Abstract / Description of output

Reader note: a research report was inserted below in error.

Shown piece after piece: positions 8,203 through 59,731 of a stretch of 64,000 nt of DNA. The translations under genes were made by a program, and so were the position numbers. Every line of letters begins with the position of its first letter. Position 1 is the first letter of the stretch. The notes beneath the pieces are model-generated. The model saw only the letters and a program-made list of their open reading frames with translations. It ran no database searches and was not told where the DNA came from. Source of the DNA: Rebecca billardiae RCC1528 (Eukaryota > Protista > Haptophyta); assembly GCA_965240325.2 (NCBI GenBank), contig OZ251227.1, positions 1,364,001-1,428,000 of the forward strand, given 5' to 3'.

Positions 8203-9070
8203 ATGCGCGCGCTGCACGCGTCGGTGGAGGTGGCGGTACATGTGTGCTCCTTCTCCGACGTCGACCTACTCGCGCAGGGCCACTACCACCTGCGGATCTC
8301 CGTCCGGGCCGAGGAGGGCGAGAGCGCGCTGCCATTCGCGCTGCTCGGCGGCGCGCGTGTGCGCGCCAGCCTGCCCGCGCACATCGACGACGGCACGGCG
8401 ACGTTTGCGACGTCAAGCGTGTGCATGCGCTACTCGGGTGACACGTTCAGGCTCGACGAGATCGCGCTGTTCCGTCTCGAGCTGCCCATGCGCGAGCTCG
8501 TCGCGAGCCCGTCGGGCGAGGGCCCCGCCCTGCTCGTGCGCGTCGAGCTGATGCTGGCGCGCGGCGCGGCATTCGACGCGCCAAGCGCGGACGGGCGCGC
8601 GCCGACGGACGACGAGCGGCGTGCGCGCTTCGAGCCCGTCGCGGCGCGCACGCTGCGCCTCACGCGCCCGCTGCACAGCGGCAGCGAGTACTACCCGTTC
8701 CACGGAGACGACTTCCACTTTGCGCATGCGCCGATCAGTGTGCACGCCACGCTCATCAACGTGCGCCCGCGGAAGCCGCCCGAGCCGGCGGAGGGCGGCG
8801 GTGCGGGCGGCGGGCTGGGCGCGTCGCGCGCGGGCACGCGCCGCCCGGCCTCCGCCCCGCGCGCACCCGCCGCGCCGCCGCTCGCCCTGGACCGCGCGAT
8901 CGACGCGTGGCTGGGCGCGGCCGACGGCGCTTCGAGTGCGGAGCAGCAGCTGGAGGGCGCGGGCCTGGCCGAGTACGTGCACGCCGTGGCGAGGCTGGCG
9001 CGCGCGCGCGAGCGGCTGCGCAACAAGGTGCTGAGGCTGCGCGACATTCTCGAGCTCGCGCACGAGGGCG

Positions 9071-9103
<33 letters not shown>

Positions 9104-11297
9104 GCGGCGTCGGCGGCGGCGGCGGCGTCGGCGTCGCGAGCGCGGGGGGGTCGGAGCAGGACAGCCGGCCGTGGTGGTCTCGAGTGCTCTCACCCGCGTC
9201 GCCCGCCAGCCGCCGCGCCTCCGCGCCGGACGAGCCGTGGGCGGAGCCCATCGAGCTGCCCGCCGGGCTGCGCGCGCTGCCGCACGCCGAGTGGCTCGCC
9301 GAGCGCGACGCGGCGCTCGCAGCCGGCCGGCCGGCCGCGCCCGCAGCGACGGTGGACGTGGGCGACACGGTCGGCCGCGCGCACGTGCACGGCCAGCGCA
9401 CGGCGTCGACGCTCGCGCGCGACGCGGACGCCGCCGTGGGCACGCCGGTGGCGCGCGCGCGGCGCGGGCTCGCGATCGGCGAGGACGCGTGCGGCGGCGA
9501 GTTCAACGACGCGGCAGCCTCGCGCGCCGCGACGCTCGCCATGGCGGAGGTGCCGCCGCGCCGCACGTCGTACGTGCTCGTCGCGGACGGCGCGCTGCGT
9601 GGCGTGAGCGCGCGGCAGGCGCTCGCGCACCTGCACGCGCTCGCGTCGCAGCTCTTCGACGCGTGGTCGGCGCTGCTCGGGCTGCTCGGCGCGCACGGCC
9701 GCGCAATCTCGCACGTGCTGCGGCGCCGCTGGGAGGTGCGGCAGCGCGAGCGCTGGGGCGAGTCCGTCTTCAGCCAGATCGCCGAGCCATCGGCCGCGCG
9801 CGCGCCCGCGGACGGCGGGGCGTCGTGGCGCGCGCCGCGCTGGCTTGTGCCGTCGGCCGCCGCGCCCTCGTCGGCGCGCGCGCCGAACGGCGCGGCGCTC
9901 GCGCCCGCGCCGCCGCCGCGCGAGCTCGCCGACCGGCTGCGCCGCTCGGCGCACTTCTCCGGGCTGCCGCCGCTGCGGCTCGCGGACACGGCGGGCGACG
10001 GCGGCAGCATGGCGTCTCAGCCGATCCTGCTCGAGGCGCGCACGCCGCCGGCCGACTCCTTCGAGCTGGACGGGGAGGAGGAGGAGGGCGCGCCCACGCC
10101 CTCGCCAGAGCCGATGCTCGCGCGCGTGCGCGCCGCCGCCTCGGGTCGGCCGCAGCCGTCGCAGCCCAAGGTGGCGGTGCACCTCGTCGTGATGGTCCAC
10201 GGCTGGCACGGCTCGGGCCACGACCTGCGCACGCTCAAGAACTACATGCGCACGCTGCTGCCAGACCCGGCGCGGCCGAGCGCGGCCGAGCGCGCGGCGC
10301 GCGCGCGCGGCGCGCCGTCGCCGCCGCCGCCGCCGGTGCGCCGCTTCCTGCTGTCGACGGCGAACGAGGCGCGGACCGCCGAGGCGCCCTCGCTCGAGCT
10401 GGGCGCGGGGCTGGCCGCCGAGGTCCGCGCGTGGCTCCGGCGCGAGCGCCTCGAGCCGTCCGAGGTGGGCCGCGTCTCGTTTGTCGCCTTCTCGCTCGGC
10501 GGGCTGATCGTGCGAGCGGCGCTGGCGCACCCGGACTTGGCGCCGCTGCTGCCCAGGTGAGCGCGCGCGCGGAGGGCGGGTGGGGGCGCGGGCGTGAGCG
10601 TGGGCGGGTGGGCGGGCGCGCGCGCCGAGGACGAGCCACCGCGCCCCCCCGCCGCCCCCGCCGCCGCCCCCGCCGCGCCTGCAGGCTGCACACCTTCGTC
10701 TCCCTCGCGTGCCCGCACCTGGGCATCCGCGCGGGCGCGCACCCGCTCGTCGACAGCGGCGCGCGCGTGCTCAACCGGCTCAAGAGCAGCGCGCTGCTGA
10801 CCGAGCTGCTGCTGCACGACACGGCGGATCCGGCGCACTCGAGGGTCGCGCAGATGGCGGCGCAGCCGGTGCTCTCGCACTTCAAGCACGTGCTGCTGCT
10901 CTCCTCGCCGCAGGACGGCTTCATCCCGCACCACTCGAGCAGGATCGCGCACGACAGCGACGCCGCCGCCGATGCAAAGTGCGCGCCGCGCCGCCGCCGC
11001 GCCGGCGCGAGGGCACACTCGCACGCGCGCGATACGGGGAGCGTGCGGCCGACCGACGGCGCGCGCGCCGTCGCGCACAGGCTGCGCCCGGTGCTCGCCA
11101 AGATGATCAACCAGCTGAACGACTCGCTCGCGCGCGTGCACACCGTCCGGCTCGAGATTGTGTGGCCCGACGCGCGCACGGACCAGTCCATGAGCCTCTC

From the 1990s the professional preparation of intending teachers in Scotland moved from monotechnic colleges to seven university schools of education. ‘Universitisation’ created new opportunities for the creative adaptation of work cultures to value teaching and research. New appointments are expected to demonstrate research potential and to hold higher degrees. The need to build research capacity in and for teacher education is a recognised international priority and is particularly important given the demographic profile of the UK educational research community. Through a series of 19 semi-structured interviews in two schools of education located in research intensive universities in Scotland during 2009–10, this research explored: (1) the experiences and tactics of emerging researchers with teacher education roles; and (2) institutional strategies to promote research engagement and development. This small-scale exploratory study identifies diversity within the ‘academic tribes’ of teacher education and suggests that research audits, in combination with political and economic influences on teacher education, may increase the bifurcation of research and teaching, inhibiting possibilities for productive interchange. A recalibration of school–university partnerships is suggested as one strategy to advance research-engaged professional education.